There has been significant interest in the potential of photonic band-gap guidance in optical fibers. While the theory of guidance in these fibers has been described, actual fabrication and demonstration of optical properties of photonic band-gap fibers has been relatively rare. The photonic band-gap fibers that have been demonstrated have suffered from high loss (or high attenuation); the lowest losses reported have been on the order of 10 dB/km. In order to be of significant practical interest as transport fibers for telecommunications, photonic band-gap fibers must have much lower losses.
Fiber lasers represent a highly efficient means of converting low-coherence pump light into coherent signal light. Fiber lasers have excellent surface-area-to-volume ratio for cooling, are typically flexible for convenient deployment, and are lightweight and inexpensive. These attributes make fiber lasers extremely attractive for a number of applications.
Scaling fiber lasers to higher powers involves increased pumping levels and interaction lengths. However, nonlinear optical effects and surface damage eventually limit the ability to scale to higher powers.
Previously, fiber profile designs with increased effective areas have been used in an attempt to reduce the nonlinear optical effects. The maximum effective area, however, is typically limited by bend loss; larger effective area fibers usually show increased bend loss. Anti-reflection coatings and polished fiber end faces have been used to reduce the surface damage at the fiber-air interface. These attempts allow for increased operational power, but are still limited to approximately 1000 W of average power. Scaling to higher power requires a mechanism similar to double-clad configurations of conventional fiber lasers in order to efficiently convert multimode pump energy into single-mode fiber-laser energy.
Because of the low non-linearity benefits provided by a photonic band-gap crystal waveguide, there is a need to identify fiber profile design structures that produce modes that will enable efficient conversion of pump energy into single-mode fiber-laser energy.
The uses of the photonic band-gap crystal waveguide include those that involve the delivery of high electromagnetic power levels such as in devices for excising material or welding material.
There is a also a particular need to incorporate the low non-linearity of photonic band-gap crystal in a waveguide, such as a fiber, to scale fiber laser operating powers beyond current designs, which can be limited by nonlinear interactions. One example of nonlinear interaction is Stimulated Brillouin scattering or SBS. SBS is a nonlinear optical process that occurs between an optical field and a material density wave. The optical field and density waves in the material interact through the known process of electrostriction. The coefficient describing the strength of this interaction is described by the electrostrictive constant. In standard solid-core optical fibers an incident field can be reflected from the fiber and frequency shifted as a result of the SBS effect. In many applications, such as fiber lasers and fiber amplifiers, SBS can be a detrimental effect. A number of approaches have been developed to circumvent the influence of the SBS process; most involve reducing the intensity through increased effective area or spectrally broadening the optical fields.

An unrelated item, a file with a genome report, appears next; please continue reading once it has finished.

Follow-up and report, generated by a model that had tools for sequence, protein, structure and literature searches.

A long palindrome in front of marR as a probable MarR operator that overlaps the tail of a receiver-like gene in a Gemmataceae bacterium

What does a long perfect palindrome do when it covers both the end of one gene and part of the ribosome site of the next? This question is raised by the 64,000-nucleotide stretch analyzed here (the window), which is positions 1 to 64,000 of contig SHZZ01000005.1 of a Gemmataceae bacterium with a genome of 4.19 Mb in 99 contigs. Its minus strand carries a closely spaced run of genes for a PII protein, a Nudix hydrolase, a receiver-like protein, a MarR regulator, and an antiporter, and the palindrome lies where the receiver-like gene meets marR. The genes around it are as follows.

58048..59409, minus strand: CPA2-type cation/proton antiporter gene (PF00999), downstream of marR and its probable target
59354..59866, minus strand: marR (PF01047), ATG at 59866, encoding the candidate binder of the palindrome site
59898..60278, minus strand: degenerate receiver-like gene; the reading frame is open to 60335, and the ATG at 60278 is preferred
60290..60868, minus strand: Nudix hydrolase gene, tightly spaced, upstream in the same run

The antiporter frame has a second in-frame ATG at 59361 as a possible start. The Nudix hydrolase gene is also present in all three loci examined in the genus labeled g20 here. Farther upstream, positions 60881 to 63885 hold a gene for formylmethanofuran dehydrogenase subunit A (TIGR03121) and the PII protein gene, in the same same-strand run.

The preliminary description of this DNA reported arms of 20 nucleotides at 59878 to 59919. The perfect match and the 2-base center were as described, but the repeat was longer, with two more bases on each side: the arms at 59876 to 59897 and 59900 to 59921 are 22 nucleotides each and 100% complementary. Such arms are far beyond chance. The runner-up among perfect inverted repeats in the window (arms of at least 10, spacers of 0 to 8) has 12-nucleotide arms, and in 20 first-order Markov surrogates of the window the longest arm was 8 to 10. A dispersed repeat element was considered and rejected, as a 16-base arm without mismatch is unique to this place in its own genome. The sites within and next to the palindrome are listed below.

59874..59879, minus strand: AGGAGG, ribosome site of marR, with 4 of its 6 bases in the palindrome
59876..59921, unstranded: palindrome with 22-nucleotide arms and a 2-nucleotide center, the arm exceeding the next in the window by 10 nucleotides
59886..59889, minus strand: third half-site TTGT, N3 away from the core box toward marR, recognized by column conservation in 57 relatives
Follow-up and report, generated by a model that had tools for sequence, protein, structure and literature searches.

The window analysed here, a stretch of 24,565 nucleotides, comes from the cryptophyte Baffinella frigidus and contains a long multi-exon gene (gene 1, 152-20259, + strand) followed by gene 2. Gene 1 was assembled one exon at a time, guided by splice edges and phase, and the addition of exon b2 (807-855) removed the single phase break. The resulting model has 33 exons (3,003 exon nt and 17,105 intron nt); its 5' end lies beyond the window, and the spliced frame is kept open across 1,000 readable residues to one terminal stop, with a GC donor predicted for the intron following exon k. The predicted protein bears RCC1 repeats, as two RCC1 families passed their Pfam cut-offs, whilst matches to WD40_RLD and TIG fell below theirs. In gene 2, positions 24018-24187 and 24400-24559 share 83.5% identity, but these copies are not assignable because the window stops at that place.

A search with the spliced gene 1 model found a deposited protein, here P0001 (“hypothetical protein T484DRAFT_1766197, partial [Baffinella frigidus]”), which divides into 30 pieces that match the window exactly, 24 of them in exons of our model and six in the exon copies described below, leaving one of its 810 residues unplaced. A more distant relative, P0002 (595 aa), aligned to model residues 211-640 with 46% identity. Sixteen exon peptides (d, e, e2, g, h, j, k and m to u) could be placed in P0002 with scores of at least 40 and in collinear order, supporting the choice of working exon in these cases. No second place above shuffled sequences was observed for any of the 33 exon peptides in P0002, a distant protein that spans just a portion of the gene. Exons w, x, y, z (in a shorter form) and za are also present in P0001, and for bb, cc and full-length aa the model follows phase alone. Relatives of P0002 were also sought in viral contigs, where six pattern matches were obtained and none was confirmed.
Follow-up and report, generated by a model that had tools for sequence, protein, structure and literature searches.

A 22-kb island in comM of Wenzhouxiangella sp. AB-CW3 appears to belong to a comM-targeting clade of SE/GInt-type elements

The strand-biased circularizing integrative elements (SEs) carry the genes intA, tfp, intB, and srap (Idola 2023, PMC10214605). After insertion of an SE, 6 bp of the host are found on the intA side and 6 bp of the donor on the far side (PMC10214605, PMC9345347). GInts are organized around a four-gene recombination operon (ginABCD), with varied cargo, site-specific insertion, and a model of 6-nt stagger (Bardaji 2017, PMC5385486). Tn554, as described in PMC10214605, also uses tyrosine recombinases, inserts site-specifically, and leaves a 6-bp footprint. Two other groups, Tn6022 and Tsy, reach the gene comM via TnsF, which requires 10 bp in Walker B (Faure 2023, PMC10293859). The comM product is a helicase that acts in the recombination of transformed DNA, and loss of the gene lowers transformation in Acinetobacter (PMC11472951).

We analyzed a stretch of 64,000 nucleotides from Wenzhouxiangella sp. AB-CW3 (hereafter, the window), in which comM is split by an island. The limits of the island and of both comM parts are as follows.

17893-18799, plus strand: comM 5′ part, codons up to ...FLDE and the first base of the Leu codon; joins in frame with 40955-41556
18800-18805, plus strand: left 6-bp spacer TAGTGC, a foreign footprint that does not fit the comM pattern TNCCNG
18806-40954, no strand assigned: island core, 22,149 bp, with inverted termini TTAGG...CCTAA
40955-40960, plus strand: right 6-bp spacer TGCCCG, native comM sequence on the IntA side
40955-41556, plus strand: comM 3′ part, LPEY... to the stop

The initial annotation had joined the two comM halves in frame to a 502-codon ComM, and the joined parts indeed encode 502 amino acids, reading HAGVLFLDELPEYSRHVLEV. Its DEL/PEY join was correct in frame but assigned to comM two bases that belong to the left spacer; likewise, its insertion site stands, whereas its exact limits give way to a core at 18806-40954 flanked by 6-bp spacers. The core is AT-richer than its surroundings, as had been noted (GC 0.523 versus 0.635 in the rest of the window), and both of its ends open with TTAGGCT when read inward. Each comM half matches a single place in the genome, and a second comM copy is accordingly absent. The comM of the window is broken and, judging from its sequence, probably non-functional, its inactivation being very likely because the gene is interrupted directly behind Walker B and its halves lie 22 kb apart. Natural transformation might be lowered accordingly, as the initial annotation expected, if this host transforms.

The threshold power for the SBS process depends on the spectral width of the pump wave and the effective area of the optical field. In continuous-wave pump fields it can be as low as 1 mW. Thus, the amplification or generation of narrowband continuous-wave optical radiation is difficult to obtain in optical fiber amplifiers or optical fiber lasers due to the limiting effects of SBS.
In hollow-core photonic band-gap fiber (PBGF) the optical field is guided in a void of the fiber cross section. This void could be filled with air, some other gas, a liquid, or could be evacuated to support a vacuum region. Since the electrostrictive constant describing the SBS interaction is proportional to the number density of the material and the number density of gases is about three orders of magnitude smaller than that of glass, the hollow core of a photonic band-gap fiber will have a nonlinear response about three orders of magnitude smaller than a solid-core glass optical fiber.
In addition, the amplification and generation of pulsed optical fields is limited by the nonlinear processes that take place in the amplifier or laser. Since the nonlinear coefficients that describe the various nonlinear processes are proportional to the number density of the core material in an optical fiber amplifier or oscillator, a hollow-core PBGF is ideally suited to suppress these nonlinear effects.